The crater was extremely dry and the dust and heat were visible on the horizon.

 The watering hole lunch stop.
This was pure fluke, trying to get a pic of the starling.

Panorama of the watering hole oasis!

 Biggest herd of giraffes we've ever seen. We must have counted at least 19! Normally we are used to seeing just 5.

The Serengeti!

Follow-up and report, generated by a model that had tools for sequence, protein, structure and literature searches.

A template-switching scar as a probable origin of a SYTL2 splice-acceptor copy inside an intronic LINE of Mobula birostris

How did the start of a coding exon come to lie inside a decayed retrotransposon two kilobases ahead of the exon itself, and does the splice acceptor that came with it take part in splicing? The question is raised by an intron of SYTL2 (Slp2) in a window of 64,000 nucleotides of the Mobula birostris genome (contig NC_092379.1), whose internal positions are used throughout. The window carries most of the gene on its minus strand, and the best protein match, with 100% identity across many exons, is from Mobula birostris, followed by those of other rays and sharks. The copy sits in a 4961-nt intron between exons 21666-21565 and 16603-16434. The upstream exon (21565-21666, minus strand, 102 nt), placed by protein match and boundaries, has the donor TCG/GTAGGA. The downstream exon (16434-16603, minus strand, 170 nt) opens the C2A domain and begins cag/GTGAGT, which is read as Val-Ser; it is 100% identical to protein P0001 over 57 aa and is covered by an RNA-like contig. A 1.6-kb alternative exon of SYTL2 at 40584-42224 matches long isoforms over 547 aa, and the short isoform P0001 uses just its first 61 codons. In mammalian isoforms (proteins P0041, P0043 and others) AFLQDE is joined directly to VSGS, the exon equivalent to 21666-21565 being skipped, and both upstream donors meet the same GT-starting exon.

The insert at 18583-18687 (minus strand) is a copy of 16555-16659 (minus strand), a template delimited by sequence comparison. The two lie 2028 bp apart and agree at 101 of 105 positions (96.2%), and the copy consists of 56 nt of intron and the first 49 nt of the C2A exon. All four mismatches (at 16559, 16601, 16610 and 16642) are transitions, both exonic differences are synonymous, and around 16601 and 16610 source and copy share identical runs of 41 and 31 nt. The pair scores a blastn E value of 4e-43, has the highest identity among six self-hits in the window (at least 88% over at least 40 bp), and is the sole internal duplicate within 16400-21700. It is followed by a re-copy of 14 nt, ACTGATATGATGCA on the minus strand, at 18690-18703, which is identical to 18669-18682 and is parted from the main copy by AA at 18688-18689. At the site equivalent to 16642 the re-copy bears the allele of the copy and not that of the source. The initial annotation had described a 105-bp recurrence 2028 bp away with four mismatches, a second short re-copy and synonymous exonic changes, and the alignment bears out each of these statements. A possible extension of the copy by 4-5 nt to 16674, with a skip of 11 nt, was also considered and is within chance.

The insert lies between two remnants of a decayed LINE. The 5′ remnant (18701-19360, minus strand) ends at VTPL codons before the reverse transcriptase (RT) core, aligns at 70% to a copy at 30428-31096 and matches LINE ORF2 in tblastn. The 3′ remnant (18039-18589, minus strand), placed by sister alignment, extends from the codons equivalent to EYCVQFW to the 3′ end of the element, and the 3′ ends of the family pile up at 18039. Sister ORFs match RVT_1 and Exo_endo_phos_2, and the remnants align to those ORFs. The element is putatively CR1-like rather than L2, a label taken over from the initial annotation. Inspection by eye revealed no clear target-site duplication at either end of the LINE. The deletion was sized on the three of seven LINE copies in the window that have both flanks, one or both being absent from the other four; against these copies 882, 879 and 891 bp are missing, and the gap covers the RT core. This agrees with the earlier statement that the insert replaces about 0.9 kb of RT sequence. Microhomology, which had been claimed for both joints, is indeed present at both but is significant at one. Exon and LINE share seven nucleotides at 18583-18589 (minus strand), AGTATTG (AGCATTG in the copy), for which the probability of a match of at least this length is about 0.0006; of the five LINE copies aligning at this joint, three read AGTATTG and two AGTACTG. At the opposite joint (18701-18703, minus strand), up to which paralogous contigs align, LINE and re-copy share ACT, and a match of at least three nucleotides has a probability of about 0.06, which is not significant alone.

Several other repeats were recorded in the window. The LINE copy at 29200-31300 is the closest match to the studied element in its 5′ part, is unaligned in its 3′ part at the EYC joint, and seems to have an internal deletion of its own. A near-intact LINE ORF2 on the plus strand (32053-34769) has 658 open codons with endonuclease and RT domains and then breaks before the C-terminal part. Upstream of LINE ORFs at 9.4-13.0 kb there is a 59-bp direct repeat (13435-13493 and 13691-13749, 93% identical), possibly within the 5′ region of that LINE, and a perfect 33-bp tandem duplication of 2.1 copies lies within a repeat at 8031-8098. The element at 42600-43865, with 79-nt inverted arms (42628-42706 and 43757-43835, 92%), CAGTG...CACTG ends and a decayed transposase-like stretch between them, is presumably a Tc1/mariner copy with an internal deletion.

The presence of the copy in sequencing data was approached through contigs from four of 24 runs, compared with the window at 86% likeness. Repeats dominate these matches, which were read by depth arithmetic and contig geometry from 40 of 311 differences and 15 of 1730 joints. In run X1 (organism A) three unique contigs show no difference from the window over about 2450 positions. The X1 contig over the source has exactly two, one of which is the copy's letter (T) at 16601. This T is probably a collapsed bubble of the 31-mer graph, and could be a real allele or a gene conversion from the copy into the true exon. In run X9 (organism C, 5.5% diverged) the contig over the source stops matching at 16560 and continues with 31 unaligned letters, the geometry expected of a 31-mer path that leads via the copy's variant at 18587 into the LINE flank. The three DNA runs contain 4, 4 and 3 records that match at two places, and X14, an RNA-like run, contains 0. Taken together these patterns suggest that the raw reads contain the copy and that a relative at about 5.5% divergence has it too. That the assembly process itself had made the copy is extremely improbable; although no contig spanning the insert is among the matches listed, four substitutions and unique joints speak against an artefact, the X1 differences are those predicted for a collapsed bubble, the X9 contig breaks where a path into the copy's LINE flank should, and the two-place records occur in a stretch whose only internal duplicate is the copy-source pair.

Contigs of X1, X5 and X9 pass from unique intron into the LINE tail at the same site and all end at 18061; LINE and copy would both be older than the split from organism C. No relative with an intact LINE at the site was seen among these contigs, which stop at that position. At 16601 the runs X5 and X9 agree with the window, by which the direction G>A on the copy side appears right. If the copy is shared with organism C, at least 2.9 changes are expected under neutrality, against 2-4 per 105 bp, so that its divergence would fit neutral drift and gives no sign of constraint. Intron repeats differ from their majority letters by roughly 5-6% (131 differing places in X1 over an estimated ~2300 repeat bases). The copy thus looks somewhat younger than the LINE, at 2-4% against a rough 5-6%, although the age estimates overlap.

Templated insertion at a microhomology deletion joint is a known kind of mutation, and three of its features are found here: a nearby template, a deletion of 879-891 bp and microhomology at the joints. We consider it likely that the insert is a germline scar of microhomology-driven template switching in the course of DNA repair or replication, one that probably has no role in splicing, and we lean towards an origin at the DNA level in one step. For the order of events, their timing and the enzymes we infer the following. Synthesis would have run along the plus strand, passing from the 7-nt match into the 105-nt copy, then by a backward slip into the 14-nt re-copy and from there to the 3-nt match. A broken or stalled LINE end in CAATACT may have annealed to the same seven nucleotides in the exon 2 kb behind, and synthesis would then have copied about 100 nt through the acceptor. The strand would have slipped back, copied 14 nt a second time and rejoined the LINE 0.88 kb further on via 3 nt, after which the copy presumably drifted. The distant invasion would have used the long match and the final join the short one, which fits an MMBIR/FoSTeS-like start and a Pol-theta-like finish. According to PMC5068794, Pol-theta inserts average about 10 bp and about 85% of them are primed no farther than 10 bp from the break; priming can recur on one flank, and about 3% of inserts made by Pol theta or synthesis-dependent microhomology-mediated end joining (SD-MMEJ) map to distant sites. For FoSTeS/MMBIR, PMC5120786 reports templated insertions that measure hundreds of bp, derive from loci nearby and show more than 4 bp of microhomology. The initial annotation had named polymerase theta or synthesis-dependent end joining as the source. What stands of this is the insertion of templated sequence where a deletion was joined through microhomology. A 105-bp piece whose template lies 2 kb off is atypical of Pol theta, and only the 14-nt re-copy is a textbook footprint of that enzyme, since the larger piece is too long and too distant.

We started our long, dusty and incredibly bumpy journey to the Serengeti. Somehow we all managed to catch some shut eye but came to an abrupt halt in the middle of no where. We all woke up to Godfrey saying there was a flat tyre. Sure as hell, we looked out the rear window and heard the last bit of air wheezing out the tyre. The boys helped Godfrey with the jacking up of the 4x4 but it wasn’t a very good jack. As the boys went up 3 notches, so it slipped back down 5 notches. We tried to flag down some other 4x4s that went past and none stopped. We all cursed them and hoped they would have a flat tyre soon too! Eventually one 4x4 did stop and the guy was in a bit of a rush but helped us jack up the 4x4 and change the tyre. Luckily for us, we had the left overs from lunch so we all tucked into that while we waited. Soon we were back on our way and after an hour of more treacherous roads we arrived at the Serengeti gate. We started our drive up to the main meeting point where the the other 4xr4s and our big yellow truck were waiting for us. We were soon flagged down by someone passing us by telling us that we had lost a tyre a way back. So we turned around to go find it. At least it wasn’t too far back and soon we found it had bounced its way quite far into the bush. It was our other spare tyre too! We all thought everything happens in threes, two down only one more to go, what would it be this time round? Finally we arrived at the meeting point 30 mins late, but enough time to quickly have a toilet stop before heading further into the Serengeti and to our camp for the night.